I No Longer Feel Guilty for Sharing Good News
I’m heading to the beach with my family soon. Not a resort, or any sort of popular, touristy destination. Far from it, in fact. We like to go to the old family beach house on Florida’s Forgotten Coast, where I went as a child and now want my own children to experience.
Forgotten Coast is an apt description. There are no lights, directions to the old cottage include “turn off the paved road,” the water is not crystal clear, the sand is not pristine or manicured, you have to take extra precautions with the trash because of the bears, and you are taught from an early age to shuffle your feet on the flats to scare the stingrays.
In other words, it’s absolutely perfect.
What it isn’t is accessible. I can’t walk at all due to multiple sclerosis, and without the help of my family, I wouldn’t be able to get my wheelchair into the house, much less upstairs. Without the all-terrain wheelchair that was provided to me by a veterans charity group, I wouldn’t be able to go down to the water or out on the pier, or drive between sandbars at low tide, hunting for shells with the kids. I’m very fortunate, and I know it. I’m grateful for and proud of both the assistance and the assistive devices that make this possible.
So why do I feel like keeping it all to myself, instead of sharing with my host of friends who have MS or other disabilities? Even when describing it above, I subconsciously felt the need to write about the not-so-great parts first so that I wouldn’t feel like I was boasting about my own good fortune.
“Hey, everybody, I got to go to the beach! It was great — well, not too great. You probably wouldn’t like it.”
In the same way, I don’t talk much about the care I receive from the U.S. Department of Veterans Affairs. Sure, the department has its problems, but for the most part, I get a lot of perks that others don’t, and it feels wrong somehow to talk about them. Why do I feel guilty for sharing good news?
Obviously, I’m getting better about sharing, since I’m writing this column now. The main reason I’ve hesitated is out of consideration for how other people with disabilities might feel about my experiences. I don’t mean that I’m projecting my feelings onto others, but if I can tell the difference between bragging and proudly sharing an accomplishment or victory, then others likely can, too. If I can take joy in or be inspired by someone else’s story, then I shouldn’t expect any less from my friends.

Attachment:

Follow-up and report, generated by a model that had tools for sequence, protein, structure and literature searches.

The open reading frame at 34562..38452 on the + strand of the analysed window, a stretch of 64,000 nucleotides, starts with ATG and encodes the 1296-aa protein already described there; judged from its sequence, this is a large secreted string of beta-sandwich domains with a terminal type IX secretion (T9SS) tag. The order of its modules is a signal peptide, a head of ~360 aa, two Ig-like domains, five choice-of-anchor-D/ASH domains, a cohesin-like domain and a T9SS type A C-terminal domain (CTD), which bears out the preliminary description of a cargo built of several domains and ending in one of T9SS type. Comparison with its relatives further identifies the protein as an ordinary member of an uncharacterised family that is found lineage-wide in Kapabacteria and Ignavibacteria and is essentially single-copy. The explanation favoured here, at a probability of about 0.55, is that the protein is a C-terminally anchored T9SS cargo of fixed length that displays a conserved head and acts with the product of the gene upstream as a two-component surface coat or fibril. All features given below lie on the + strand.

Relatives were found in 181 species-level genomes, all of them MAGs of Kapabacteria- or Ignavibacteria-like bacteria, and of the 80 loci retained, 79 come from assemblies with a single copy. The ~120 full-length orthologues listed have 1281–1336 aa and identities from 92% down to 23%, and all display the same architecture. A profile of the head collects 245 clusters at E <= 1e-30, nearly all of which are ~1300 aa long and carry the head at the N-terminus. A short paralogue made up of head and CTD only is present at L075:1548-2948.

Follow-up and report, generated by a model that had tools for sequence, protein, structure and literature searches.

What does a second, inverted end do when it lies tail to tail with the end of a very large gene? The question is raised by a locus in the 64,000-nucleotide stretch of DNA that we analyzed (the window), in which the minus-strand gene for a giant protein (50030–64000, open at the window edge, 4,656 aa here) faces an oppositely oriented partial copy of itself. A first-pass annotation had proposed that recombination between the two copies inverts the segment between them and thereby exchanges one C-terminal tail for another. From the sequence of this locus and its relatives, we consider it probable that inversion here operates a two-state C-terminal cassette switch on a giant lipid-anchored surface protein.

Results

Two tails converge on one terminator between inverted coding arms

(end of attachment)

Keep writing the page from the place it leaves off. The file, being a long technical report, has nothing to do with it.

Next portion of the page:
Last September, Matt Lafleur, a columnist for Friedreich’s Ataxia News, wrote a great piece about hiking down the Grand Canyon in a wheelchair. Am I jealous? Well, yeah. Who wouldn’t be? Am I sharing in the adventure and the joy vicariously? Yes, I am. Again, who wouldn’t be? I may never see the Grand Canyon, but I saw it through his eyes, and his story made me feel like anything is possible.
I’m learning that we don’t have to avoid feeling good or fortunate because someone else may be less fortunate. That really is projecting. Of course, it’s important to know our audience, but we should still share — both the good and the bad. Sometimes we think that we aren’t allowed to feel good because someone somewhere feels bad. I know I’ve felt this way, but I’m beginning to see that having good news shared with me doesn’t make me feel bad, just as letting some light in doesn’t make it darker.
I look forward to sharing more through this column as I’m borne along in my journey. Because it’s a journey with MS, the news won’t always be happy, but I’ll do my best to find the good in it regardless. Feel free to share your thoughts in the comments!
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